Are British households better off than Germany’s?

16th December 2011

The age-old rivalry between the UK and Germany has reared its head on the comment boards this week in response to a UBS article suggesting that the UK is, in fact, wealthier than its Northern European peer. The premise of the article was that the UK has greater asset wealth than Germany and therefore its debt levels look less severe in comparison. The contention was, as might be expected, controversial.

The UK media is in masochistic mood and the UBS report went against the current vogue for self-flagellation:  Witness this hyperbole: "A trillion and a half is such a big a number that most people probably wouldn't even try getting their heads around it. But that is the total level of personal debt owed by the 50 million or so British adults. Per head of population, it qualifies us for the dubious honour of the most indebted nation on earth." 

The UBS analyst argued, controversially, that because much of UK debt was linked to buying homes, it was not the sign of reckless borrowing: "UBS says: "Most UK household debt is mortgage related, and a typical household buys a home to secure a safe future for itself in retirement. Put differently, a homeowning household has protected itself from any mismatch between rental payments and pension income during retirement.

"This can only happen if the household takes on a debt during its working life, so debt levels are high. That characterises UK households as prudent, not reckless. The alternative is a household that may have to depend on the state for housing during retirement."

This matters because high consumer debt levels are routinely given as the reason why the UK cannot grow, yet they may actually be contributing to individual's long-term security: "Mortgages contribute to long term wealth as over time they are paid off and people end up with a house whereas those renting do not and end up poorer. So they're not classing debt as an asset no, and the €375,000 average UK household asset figure is including household debt. The UK far from being the most indebted country in the world is in fact one of the very wealthiest."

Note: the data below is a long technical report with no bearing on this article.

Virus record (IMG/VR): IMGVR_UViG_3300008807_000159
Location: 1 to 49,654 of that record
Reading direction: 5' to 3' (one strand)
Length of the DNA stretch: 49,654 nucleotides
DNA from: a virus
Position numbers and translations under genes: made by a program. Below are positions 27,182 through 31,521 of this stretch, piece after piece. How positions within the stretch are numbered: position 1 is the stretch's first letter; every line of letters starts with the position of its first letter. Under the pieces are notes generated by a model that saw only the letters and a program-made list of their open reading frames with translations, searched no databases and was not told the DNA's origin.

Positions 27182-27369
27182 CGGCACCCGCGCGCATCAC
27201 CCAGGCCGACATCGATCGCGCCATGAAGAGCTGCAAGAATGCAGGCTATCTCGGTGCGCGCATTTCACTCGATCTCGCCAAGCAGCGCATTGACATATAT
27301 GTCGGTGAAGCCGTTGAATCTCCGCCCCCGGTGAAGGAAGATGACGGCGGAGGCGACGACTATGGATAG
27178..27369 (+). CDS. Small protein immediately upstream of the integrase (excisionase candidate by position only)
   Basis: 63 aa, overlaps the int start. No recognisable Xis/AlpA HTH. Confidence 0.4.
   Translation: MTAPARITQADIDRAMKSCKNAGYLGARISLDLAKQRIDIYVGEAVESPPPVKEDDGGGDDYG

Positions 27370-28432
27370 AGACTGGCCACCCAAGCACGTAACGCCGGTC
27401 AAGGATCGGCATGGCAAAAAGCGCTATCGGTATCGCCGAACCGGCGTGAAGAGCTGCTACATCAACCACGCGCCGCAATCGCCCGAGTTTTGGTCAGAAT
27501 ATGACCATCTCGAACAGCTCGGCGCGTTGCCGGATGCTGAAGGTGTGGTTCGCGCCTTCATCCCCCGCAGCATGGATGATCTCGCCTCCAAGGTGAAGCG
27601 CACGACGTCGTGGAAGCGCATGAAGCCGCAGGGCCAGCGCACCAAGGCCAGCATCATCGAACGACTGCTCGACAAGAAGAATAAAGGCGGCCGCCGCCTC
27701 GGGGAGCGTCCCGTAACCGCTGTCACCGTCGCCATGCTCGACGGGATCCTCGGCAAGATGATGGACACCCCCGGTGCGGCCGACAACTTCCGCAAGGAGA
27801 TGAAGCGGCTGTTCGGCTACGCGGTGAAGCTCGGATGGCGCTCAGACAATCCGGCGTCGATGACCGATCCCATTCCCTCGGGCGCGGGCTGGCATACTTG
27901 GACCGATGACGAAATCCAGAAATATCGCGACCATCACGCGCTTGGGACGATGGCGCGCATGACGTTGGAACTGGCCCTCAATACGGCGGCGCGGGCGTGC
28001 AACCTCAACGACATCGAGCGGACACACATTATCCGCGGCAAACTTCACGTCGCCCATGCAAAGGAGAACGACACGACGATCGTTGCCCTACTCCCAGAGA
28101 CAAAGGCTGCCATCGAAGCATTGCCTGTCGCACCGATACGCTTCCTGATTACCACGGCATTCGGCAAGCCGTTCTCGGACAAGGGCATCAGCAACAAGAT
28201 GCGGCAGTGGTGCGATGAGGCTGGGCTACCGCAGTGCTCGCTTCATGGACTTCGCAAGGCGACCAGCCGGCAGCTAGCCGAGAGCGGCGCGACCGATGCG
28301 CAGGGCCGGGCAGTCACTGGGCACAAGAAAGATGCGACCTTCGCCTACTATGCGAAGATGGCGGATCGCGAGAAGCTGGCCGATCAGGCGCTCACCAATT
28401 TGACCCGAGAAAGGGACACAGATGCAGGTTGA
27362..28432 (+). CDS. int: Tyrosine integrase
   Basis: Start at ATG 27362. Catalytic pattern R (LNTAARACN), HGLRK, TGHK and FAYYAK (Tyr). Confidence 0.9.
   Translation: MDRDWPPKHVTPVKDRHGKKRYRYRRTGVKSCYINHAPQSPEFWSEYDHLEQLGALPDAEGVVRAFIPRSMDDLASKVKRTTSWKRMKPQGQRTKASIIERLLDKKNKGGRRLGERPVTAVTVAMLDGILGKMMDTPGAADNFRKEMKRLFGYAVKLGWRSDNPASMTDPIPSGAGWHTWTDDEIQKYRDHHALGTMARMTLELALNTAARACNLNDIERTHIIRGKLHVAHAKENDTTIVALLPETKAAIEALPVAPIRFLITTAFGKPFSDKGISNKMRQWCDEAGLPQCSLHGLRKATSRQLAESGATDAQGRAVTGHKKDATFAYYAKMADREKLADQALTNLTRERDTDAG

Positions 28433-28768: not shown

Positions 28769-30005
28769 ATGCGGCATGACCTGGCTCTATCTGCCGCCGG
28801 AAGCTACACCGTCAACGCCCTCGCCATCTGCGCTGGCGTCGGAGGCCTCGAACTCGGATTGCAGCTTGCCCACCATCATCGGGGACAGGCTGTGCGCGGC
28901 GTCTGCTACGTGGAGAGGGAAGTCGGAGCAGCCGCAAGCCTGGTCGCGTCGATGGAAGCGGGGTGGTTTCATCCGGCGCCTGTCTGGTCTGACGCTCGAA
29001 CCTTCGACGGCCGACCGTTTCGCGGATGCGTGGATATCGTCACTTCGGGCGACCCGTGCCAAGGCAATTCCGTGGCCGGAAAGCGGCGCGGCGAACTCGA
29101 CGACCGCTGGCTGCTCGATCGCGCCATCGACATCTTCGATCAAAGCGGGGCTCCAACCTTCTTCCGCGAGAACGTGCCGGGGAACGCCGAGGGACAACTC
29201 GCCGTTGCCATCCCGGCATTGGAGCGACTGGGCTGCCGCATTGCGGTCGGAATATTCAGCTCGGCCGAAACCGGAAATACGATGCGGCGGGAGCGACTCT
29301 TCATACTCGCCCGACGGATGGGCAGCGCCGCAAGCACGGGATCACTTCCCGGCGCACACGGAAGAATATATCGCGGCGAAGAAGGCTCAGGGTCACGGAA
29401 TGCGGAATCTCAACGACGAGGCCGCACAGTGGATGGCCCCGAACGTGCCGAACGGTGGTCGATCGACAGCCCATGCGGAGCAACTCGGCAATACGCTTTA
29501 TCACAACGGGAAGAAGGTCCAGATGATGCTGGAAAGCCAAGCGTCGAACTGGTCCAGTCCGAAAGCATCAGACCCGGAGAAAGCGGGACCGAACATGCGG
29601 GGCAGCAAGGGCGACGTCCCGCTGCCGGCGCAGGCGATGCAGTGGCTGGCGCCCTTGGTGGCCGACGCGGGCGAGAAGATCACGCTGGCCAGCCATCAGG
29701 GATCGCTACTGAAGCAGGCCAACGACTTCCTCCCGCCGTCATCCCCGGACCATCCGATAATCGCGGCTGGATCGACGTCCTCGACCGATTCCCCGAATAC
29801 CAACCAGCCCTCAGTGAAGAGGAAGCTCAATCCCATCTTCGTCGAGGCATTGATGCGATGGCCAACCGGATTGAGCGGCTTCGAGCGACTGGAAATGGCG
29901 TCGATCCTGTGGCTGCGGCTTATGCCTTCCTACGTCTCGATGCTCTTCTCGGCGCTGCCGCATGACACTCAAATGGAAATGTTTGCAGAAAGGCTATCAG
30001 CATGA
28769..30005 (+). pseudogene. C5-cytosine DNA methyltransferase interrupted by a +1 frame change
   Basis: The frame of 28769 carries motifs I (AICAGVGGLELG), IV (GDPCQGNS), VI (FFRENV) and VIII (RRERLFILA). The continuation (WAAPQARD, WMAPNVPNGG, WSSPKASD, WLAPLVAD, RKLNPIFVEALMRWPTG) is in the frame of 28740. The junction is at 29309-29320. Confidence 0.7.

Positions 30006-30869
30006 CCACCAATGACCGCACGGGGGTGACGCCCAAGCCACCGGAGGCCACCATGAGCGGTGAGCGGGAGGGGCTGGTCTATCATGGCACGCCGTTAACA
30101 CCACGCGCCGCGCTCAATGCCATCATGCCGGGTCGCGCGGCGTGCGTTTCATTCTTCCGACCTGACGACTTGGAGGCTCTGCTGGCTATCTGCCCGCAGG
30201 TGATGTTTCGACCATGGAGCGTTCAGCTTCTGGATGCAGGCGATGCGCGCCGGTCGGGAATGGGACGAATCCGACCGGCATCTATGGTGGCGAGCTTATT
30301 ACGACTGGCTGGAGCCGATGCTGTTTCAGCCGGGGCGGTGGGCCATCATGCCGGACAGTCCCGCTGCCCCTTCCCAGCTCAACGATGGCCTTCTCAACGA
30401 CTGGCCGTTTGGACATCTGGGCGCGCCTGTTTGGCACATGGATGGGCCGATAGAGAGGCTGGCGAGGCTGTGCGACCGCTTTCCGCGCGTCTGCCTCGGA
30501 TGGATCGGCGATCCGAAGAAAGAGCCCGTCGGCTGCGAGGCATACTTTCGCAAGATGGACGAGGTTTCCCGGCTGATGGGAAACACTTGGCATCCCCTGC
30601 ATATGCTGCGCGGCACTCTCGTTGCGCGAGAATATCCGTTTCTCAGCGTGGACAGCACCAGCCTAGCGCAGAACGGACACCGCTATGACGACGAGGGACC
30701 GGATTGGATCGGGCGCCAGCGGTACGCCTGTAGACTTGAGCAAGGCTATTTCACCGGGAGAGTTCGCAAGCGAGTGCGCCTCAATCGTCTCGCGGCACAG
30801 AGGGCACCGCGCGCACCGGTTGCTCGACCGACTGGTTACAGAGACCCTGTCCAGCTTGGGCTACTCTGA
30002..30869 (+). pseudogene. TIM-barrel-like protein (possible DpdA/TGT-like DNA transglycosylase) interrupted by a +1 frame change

UBS's comments drew rancour: Community commenter, Nexusfast123 said in response to the Telegraph article:

"Putting all of your resources into property is a self-defeating illusion as it diverts investment from other things that are productive – this is in terms of producing products that can be sold overseas and accumulating productive capital like trained people, factories, etc." 

It also drew plenty of anecdotal speculation: pumpernickel on the same site:

"Well, I am staying in Britain at the moment and had a look at property prices in the South East, 50 miles or so outside London. Taking also building quality into account I would say that the relation between UK and German properties outside the big cities is 3 : 1. On an even playing field UK properties would have to lose 66% of their values to be in sync with German properties. My conclusion is that UK properties are artificially over priced in a smart move to give Britons the impression that they are rich." 

And plenty of people quibbled with the stats themselves: lookingforclues, from the Motley Fool said:

"The problem with looking at net assets after a credit bubble is that it will always appear very high. Think about it – there has been a dramatic rise in the demand for assets which have, as a consequence, been continuously bid up. Take property for example which is where a lot of the 'action' has happened. Any time someone comes along with a barrow-load of debt to compete with others who have also been given barrow-loads of debt to buy a house then the price of that house will be forced higher. But the important point is that all comparable houses in the area will also have been magically driven up as the sale acts as a new marker for the market. But only the house that changed hands will have the increase in price netted off with the debt used to buy it. All the other houses can be marked as an increase in asset values with no corresponding debt increase. Voila, up go net assets and we're all that much wealthier."

Equally, arthur_dent, also on the Motley Fool, suggests that the statistics are misleading: "Average incomes and wealth in the US have steadily increased over the last 30 years. Unfortunately for 90% of the population, there have been no net gain in income or wealth. The average is a bit meaningless in this case. For the top 1%, incomes grew 224%, and for the top .1%, incomes grew 390%.

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